As a founding member of Tom Petty and the Heartbreakers, guitarist Mike Campbell found himself co-writing some of their biggest hits, plus songs for many others like Don Henley and Stevie Nicks. He has also spent a lot of his life in the studio, producing, playing guitar, and writing extensively. With the release of Mike Campbell & The Dirty Knobs second LP, External Combustion, I got a chance to call him early one morning and discuss studio life, musical inspirations, and how to stay focused.
Your new album, External Combustion, is pretty fun.
Thank you. I appreciate that.
You have your home studio, Hocus Pocus Recorders. How did that come around?
Over the years I would pick up gear and microphones. I started out small and kept collecting. I think eventually, sometime in the late ‘70s or late ‘80s, I saved up to get a Neve. I built a little annex on the end of my house and connected it to the garage. It became a great-sounding room. I work in here all the time. I can write and record instantly. I don’t have to set gear up.
I interviewed Ryan Ulyate [Tape Op #144] and he talked about how you guys had converted the Heartbreakers’ rehearsal space and warehouse into a studio for doing the first Mudcrutch album [Mudcrutch] in 2007. Was this a similar idea?
I actually had a studio long before the Heartbreakers’ Clubhouse. I’ve kind of done it my whole life. I started out with a little TEAC 4-track in the living room. I already had a state-of-the-art studio, and we were rehearsing at The Clubhouse with the Heartbreakers. It sounded so good in there. We had an extra office room, so we brought some gear in and we made several records in there. I like working from home. It’s convenient. The commute is easy.
You’ve got enough room to do drums and everything?
Yeah, I’ve got a drum booth. I have several rooms to isolate the amps. It’s just big enough for four guys to have a good time.
Who was your engineer for this?
Martin Pradler did all the hard technical stuff. Then George Drakoulias was the co-producer. He directed everything. It’s a great team. I trust them completely.
Yeah. You’d worked with George before with the Heartbreakers.
Yeah, that’s right. I think it was The Last DJ album when we met. He’s real smart, and he puts everybody in a good mood. He was very helpful with helping me to pick the songs; which ones to take off and which ones to leave on. It’s a good team. I can’t see working with anybody else.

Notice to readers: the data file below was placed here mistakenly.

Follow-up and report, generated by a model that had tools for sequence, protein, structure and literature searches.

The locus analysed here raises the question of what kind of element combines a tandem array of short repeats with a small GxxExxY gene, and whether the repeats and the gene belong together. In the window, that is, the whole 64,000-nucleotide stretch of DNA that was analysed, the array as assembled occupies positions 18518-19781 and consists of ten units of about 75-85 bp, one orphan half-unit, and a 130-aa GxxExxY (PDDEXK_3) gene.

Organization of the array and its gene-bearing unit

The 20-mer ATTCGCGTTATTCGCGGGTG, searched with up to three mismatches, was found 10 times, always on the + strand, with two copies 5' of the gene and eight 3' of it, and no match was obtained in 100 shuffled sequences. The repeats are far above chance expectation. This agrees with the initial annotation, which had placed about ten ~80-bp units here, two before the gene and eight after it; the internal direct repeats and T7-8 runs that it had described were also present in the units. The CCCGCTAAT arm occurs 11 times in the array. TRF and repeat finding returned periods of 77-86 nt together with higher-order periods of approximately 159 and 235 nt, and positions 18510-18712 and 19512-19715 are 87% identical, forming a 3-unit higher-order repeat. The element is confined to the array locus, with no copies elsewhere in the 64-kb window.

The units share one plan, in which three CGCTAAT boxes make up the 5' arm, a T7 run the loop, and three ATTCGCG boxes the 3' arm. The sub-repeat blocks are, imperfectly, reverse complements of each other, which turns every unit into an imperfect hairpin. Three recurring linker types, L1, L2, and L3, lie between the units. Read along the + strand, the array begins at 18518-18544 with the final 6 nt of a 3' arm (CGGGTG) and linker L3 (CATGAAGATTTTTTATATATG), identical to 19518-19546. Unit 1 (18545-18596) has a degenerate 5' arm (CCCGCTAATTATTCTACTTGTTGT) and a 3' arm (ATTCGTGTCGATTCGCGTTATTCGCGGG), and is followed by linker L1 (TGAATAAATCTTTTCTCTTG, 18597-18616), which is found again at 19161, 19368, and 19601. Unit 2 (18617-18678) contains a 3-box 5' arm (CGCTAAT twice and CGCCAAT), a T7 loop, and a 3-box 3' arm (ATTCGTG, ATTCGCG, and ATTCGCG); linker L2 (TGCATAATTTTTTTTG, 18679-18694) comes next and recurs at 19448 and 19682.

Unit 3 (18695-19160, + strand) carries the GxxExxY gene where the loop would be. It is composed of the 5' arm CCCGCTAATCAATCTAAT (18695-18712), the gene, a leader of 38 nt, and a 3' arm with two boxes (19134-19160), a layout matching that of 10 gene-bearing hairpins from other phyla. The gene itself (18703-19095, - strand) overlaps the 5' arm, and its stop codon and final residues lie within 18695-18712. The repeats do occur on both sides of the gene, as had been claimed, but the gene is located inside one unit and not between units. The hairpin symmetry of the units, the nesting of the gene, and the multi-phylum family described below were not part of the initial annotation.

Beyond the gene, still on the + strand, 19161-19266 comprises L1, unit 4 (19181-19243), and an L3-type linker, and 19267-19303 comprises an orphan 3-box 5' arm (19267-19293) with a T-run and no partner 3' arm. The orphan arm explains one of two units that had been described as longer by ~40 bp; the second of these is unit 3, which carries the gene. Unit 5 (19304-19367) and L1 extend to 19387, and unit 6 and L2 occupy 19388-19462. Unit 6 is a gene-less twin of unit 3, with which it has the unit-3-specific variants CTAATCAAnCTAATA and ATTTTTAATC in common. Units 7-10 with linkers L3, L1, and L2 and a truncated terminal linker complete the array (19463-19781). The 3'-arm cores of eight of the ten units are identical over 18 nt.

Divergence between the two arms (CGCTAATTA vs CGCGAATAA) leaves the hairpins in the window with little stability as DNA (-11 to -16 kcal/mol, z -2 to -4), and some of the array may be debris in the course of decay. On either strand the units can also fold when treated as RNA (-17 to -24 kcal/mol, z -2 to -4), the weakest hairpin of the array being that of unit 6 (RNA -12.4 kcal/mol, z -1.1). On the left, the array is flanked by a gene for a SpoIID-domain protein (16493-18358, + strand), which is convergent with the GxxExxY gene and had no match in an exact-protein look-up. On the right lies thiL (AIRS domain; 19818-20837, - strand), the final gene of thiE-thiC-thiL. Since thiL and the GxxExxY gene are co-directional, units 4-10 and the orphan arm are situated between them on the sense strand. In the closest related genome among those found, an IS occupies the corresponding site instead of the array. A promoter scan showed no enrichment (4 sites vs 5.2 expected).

Besides helping to sort out the songs, what did George bring to it?
George brought fun, first of all. He brought a good overview, like I said, of picking the songs. He’s great when we’re tracking, because he can help us decide when we’re done; to stop playing the song, because we’ve already got it. It’s usually the second or third take. He brought mostly a positive energy. He put everybody at ease. He’s really funny. If you start to think he’s a clown, you’ll miss the fact that he’s really sharp. Nothing gets past George!
You’ve got a long history of doing a lot of production and co-production yourself. As a player, is it nice to let someone help take the reins off of you?
Oh, absolutely; yeah. I don’t want to disappear into my own ego. It’s great to have someone as a sounding board to keep me on track.
Patrick Warren arranged the strings on your new album. Where’d he come from?
George knew him. I had met him a long time ago, but I didn’t remember him that well. He did a great job. It was kind of a stretch for The Dirty Knobs to have some strings and horns on a couple of songs, but he was great. He came in, we showed him what we wanted to do, he came back with the charts, we brought the players in here, set them up in the drum booth, and they got right on it. They did it really fast.
It’s an awesome arrangement.
Thank you very much. That was Patrick.
It seems so much of your production stems from you as a songwriter.
Yeah. It does tie together a lot. I write a lot, and I record a lot. I’m not technically good in the studio. I can’t tell you what frequency “that” is, but I use my ears. I got it set up so it’s easy for me to operate. I always had that in my home. I kind of backed into being a producer....